Hiding on Wake

Posted by on May 18, 2022 in Blog | 6 comments

Hiding on Wake

Among the memoirs penned by Wake survivors is one written by Logan “Scotty” Kay in 1971 titled “By the Dawn’s Early Light.” Kay and another civilian evaded capture on Wake Island for nearly three months, and it is interesting to compare the memoir with his actual diary, transcribed in WWII journalist George Weller’s book, First into Nagasaki: The Censored Eyewitness Dispatches on Post-Atomic Japan and its Prisoners of War, edited by Anthony Weller (Random House, 2006). With many differences in detail, I chose the diary to summarize the...

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Red Hill Shutdown

Posted by on March 13, 2022 in Blog | Comments Off on Red Hill Shutdown

Red Hill Shutdown

The recent water contamination crisis on Oahu has rung the death knell for the U. S. Navy’s 80-year-old Red Hill underground fuel storage system. Last week the Secretary of Defense, Lloyd Austin, announced plans to defuel and permanently close the system. Congress has approved $686 million for first steps: to cover costs of thousands of families sickened and displaced by the November 2021 contamination of drinking water on Joint Base Pearl Harbor Hickam, to empty the Red Hill tanks, and to provide remediation and environmental restoration....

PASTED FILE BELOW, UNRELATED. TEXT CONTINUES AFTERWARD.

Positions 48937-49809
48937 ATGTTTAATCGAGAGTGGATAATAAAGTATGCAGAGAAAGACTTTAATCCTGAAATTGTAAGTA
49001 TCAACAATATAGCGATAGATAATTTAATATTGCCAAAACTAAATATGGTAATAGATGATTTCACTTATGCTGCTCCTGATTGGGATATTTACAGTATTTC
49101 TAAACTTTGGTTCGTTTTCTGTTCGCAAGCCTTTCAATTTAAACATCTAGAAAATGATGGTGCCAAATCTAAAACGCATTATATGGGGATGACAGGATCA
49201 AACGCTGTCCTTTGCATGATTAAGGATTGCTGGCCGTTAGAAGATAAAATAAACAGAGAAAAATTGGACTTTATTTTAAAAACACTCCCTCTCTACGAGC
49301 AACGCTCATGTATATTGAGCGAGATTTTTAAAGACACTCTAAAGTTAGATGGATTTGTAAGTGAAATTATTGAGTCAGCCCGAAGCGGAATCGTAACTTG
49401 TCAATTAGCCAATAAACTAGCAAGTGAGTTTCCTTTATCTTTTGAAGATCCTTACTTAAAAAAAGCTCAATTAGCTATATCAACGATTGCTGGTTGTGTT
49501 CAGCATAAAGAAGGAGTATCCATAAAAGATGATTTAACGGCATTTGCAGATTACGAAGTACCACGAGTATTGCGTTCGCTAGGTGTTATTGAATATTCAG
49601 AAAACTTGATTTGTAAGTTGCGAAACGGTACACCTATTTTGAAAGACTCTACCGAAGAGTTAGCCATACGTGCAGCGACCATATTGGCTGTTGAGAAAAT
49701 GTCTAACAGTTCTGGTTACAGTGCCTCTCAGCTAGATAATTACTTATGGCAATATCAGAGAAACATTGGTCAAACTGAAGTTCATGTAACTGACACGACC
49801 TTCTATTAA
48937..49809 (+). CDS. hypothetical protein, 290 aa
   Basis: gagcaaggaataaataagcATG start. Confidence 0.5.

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Strategic Importance

Posted by on February 22, 2022 in Blog | 3 comments

Strategic Importance

Six years ago, I wrote a blog post titled Ready, Aim, Fire about the successful ICBM defense test that had just taken place on and near Wake Island in November 2015. In this test a Terminal High Altitude Area Defense (THAAD) system stationed on Wake detected, intercepted, and downed a target missile launched from a C-17 over the Pacific. While other components of the layered defense system failed in that test, the success at Wake warranted publicity, given the provocative missile launches by North Korea in mid-decade. Since 2015 the Missile...